We all know of King David in the Bible, a young shepherd boy plucked from the fields and anointed king long before that title would be fully realized and lived out. We know various bits that make up the drama of his imperfect, roller coaster life. David was good, David was bad. He was revered, he was despised. He was ruler, he was the accused. We know that the in-between of David’s life, from being anointed king as a young boy to being King of Israel, saw him living a life on the run. In that in-between he was constantly moving from one area to the next, seeking favor with God and man, not knowing where he would lay his head some nights, or from where he would be fed some days. He knew he was anointed, what was foretold of his life, what that should look like in the context of the culture and times he was in, yet in that in-between time of not knowing what tomorrow would look like, he held on to the promises of God and moreso, he held on to a deep knowledge, an experiential knowledge of who God is, and indeed who God had been to him. It is upon the context of having escaped calamity by acting like a mad man in the presence of a king found in 1 Samuel 21:10-15, upon the context of being on the run from King Saul, being fed by a priest using cunning tactics, it is upon this context that David creates the poem in Psalm 34 (quoted below from the NLT):
1 I will praise the Lord at all times.
I will constantly speak his praises.
2 I will boast only in the Lord;
let all who are helpless take heart.
3 Come, let us tell of the Lord’s greatness;
let us exalt his name together.
4 I prayed to the Lord, and he answered me.
He freed me from all my fears.
5 Those who look to him for help will be radiant with joy;
no shadow of shame will darken their faces.
6 In my desperation I prayed, and the Lord listened;
he saved me from all my troubles.
7 For the angel of the Lord is a guard;
he surrounds and defends all who fear him.
8 Taste and see that the Lord is good.
Oh, the joys of those who take refuge in him!
9 Fear the Lord, you his godly people,
for those who fear him will have all they need.
10 Even strong young lions sometimes go hungry,
but those who trust in the Lord will lack no good thing.
11 Come, my children, and listen to me,
and I will teach you to fear the Lord.
12 Does anyone want to live a life
that is long and prosperous?
13 Then keep your tongue from speaking evil
and your lips from telling lies!
14 Turn away from evil and do good.
Search for peace, and work to maintain it.
15 The eyes of the Lord watch over those who do right;
his ears are open to their cries for help.
16 But the Lord turns his face against those who do evil;
he will erase their memory from the earth.
17 The Lord hears his people when they call to him for help.
He rescues them from all their troubles.
18 The Lord is close to the brokenhearted;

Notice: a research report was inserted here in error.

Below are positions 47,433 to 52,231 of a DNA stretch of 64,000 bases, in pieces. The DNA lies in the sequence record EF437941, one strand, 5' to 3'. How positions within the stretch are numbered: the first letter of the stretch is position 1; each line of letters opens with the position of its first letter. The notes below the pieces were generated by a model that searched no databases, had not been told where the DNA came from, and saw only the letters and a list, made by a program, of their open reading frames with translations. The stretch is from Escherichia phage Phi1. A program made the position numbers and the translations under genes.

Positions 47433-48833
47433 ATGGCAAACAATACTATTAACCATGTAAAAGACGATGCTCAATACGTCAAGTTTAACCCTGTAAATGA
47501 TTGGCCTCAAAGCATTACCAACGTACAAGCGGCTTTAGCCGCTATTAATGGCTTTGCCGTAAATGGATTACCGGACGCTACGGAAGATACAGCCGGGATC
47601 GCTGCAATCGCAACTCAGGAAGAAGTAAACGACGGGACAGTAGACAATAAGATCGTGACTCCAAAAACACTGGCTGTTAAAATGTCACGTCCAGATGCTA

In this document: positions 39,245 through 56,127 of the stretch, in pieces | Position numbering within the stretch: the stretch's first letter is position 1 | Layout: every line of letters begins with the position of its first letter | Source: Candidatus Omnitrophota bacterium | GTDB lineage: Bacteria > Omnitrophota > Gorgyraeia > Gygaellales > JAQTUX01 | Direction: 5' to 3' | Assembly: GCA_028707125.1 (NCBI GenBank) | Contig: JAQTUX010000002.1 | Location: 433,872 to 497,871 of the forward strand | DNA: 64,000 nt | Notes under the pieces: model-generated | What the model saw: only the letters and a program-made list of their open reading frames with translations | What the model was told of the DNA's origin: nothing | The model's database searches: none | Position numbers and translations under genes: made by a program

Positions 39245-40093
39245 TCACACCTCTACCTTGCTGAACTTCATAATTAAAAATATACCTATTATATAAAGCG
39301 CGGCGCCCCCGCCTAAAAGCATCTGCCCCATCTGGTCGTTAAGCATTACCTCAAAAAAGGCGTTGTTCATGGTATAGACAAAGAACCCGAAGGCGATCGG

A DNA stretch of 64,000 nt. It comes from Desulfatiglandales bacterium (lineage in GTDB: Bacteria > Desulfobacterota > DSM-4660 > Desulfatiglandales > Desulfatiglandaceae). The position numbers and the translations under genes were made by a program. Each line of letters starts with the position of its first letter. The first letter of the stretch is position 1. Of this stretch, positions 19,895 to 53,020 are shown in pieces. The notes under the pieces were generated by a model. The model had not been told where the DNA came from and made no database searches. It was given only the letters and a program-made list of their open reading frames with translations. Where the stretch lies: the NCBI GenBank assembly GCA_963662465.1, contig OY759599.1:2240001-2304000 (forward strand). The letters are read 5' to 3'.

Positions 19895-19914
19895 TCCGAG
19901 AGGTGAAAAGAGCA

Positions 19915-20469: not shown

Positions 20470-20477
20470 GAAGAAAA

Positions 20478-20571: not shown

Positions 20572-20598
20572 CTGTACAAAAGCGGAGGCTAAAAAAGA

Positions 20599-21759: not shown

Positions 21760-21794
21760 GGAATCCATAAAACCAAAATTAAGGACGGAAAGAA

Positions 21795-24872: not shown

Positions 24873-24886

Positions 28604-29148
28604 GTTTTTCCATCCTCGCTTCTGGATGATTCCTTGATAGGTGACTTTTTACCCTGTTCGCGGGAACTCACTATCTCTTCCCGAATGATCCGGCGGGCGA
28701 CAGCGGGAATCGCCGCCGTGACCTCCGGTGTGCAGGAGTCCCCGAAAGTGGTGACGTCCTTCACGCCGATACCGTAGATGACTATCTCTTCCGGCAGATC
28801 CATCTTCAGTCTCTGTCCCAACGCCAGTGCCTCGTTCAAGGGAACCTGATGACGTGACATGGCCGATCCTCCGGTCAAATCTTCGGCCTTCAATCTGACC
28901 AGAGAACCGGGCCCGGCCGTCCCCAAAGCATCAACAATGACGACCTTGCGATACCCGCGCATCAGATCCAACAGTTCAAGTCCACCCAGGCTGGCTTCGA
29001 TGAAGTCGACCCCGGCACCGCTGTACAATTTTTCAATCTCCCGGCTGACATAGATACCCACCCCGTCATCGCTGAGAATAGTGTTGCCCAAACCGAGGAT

he rescues those whose spirits are crushed.
19 The righteous person faces many troubles,
but the Lord comes to the rescue each time.
20 For the Lord protects the bones of the righteous;
not one of them is broken!
21 Calamity will surely destroy the wicked,
and those who hate the righteous will be punished.
22 But the Lord will redeem those who serve him.
No one who takes refuge in him will be condemned.
Yes, David, in the in-between time with trouble on every hand wrote “I will praise the Lord at all times…” in verse 1. I like that he doesn’t stop there, he then invites others in verse 3, “Come, let us tell of the Lord’s greatness; let us exalt His name together.” This time that we’re in, this in-between time with news of troubles on every hand is a perfect time to praise Him, to tell of His greatness, to boast in Him. It is also a time for us to invite others in, “come”…gather friends, loved ones, “come”…to the persons we interact with when we shouldn’t leave our homes, “come, taste and see that the Lord is good! Come, let us exalt His name together!” It is opportune time for us to say, “Come and I will teach you to fear the Lord.” Come, fear Him – which is to love and have reverence for Him – come, fear Him and take refuge in Him, for those who take refuge in Him, those who put their trust in Him, those who run and hide in Him, what joy they experience in the midst of troubles.
Those who trust in Him, will face many troubles but their Refuge comes to the rescue time after time. He is close to the brokenhearted, rescuing those whose spirits are crushed, redeeming those who serve Him. Oh, the joys of those who take refuge in Him! No one who takes refuge in Him will be condemned. Then, we like the tormented David who even after taking his place as King of Israel committed acts some of us would not dare to attempt; we like the imprisoned Paul, a hired hit man executing those who dare part ways from the Jewish laws to follow and tell of Jesus; we imperfect, fallible man can taste, see, hide in and rejoice in the Lord, always. For in Him, even if our bodies are frail and our pockets empty, in Him we have no condemnation and abundant joy.
I close with this encouragement from Philippians 3:1 NLT – Whatever happens, my dear brothers and sisters, rejoice in the Lord. I never get tired of telling you these things, and I do it to safeguard your faith.
The devotion above was shared on Wednesday, April 15, 2020 during Love Fellowship Ministries’ weeknight prayer call. For more information on the weeknight calls please visit – LFM Site or LFM Facebook. Calls are hosted Monday – Friday at 9:00 p.m. EST with a different speaker each night.